Handling Customer Complaints – Procedures Guide

Whether it’s over the phone or face to face even the most successful businesses will be handling a customer complaint now and again. If you follow proper procedures and make sure staff get training on complaint handling procedures, negative effects can be minimised.

an employee dealing with a customer complaint

How to Handle a Customer Complaint

If a customer has a genuine complaint, it’s important to adopt the right mindset whilst dealing with the negative feedback.

You should bear in mind two things:

Firstly, you can never ‘win’ as such. It’s important to accept that, your main aim is to minimise the negative effects of having an unhappy customer. You should be trying to resolve the situation to reach the most acceptable resolution for both parties.

The second thing to remember, is that any customer complaints should never be seen as a personal attack. Some customers can verbally lash out but remember it’s the company they’ve got the grievance with.

If you keep both of those thoughts in mind, it will help a lot. It will help you deal with complaints from customers more positively. This will feed into how the customer will see your company in the future.

Customer Complaint Handling Procedures – Some Tips

If a customer feels like their complaint has been heard, and a resolution has been offered, it is often possible to turn a negative experience into a positive one.

The following steps should form part of your complaint handling procedures to help this process.

You might also value a greater understanding of telephone etiquette to help you offer better customer service.

Listen to the Problem

Listening to a customer’s complaint without interruption is the first thing you should be prepared to do.

Listening carefully will let you assess their complaint fully. If you interrupt halfway through their complaint, they’re likely to get even more agitated than they already are.

You might find that they are initially very irritated. That means it might be difficult to get to the root of the problem. However interrupting them will not be helpful.

Even if you’ve heard the same complaint many times, don’t butt in with statements like, “I know what you’re about to say and…..”.

Let the customer have their voice, and complaint, heard.

Recap the Issue

Once they’ve finished making their complaint, you need to recap the issue to let them know that you’ve understood the complaint.

This might seem unnecessary but you need to make sure that what you’ve heard accurately reflects the issue. Once that’s agreed, you should then apologise to the customer. And, if you’ve heard incorrectly, you need to ask the customer to re-iterate the complaint again and then apologise.

The Apology

When you apologise, it’s important that you don’t pass the buck and don’t make excuses. You are the representative of the company, so it’s important to accept responsibility.

An example might be where an important delivery has turned up 2 days late.

Don’t say things like, “I’m sorry Mr Smith but our order processing team are a bit short-staffed at the moment as several of them are on holiday and that’s why there was a delay.”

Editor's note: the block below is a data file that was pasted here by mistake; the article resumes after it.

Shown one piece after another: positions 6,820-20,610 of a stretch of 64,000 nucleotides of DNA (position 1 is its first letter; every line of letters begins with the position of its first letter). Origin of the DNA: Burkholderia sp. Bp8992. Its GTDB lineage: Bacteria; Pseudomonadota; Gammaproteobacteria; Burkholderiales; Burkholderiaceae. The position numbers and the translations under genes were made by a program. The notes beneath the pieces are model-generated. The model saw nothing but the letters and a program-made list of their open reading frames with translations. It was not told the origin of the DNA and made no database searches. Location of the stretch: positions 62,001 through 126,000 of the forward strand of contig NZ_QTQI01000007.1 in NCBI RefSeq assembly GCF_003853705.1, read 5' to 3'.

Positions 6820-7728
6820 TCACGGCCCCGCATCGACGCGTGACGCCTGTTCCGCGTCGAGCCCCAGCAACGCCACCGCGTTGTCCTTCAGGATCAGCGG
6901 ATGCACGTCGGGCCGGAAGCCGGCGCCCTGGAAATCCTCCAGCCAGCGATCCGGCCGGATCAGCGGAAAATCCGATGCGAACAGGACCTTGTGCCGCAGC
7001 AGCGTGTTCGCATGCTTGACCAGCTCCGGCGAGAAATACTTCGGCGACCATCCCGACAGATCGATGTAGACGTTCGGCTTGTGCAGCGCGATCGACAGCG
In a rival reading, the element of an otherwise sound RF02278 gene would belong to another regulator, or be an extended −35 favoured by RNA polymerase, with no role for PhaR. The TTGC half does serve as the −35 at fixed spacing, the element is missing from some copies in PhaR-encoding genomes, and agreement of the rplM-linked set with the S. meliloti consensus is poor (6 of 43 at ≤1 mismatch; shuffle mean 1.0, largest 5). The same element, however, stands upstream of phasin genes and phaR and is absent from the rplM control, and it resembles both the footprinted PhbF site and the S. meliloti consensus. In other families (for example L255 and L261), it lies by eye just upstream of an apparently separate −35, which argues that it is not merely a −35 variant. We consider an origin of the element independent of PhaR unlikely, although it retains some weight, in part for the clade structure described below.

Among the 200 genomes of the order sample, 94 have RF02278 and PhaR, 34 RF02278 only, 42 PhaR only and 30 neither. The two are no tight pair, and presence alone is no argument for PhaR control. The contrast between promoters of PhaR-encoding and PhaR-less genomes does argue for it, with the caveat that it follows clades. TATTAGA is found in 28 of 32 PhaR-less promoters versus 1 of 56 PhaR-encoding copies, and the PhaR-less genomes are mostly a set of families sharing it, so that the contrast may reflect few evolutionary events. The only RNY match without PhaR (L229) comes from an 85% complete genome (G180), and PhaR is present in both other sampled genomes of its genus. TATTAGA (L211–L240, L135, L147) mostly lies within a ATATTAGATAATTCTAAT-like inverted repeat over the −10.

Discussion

If you give that as a response, Mr Smith is likely to get even more irked. Your response should be along the lines of “I do apologise Mr Smith. That shouldn’t have happened.

As you didn’t receive your goods within the time specified, I’m going to do all I can to help you.”

In other words, you have accepted liability, you’ve apologised and you’ve stated that you are going to try to come up with a resolution. These are the 3 things, the customer wants to hear, not a load of waffle and lame excuses.

Offering a Resolution to the Customer Complaint

The important thing here is to realise that you are going to suffer some kind of loss. However, the result you’ll be hoping for should be one which will please the customer.

If you can satisfy them, they are likely to come back to you as a customer again in future.

It may be that you’ll have to offer financial compensation or some kind of discount against future purchases if you want to keep hold of them as a customer.

It’s also worth remembering that the resolution needs to be able to compensate for the loss properly. Otherwise, the customer may end up getting even angrier because they feel your ‘offer’ was derogatory.

There will absolutely be some customers who will try to push you into getting more out of the situation than it merits. You don’t need to give in to that kind of pressure, but make sure your resolution is adequate compensation for the inconvenience caused.

Some Customers Will Remain Unhappy

You need to accept that you’re not going to win them all. Some customers will be so annoyed that they’ve already decided never to use your company again. In these cases, it wouldn’t matter what compensation you offered them.

But the key point is to do the right thing in the majority of cases. This will mean that you retain your company’s reputation and the person as a customer.

Customers who complain can often help a company improve their performance by identifying weak areas in the organisation which you can then rectify.

It’s useful to remember this, as the worst scenario is that there are come customers who have been unhappy with your product or service and who simply couldn’t be bothered to seek a resolution, and have just taken their custom elsewhere.

Therefore, in dealing with complaining customers, you get the opportunity to find out what’s going wrong in the company. You also get the chance to enhance your reputation by providing a satisfactory resolution which can often improve a customer’s perception of your company.

That’s the outcome you should always be aiming to achieve, and it’s only possible if you follow the correct etiquette for dealing with complaints.

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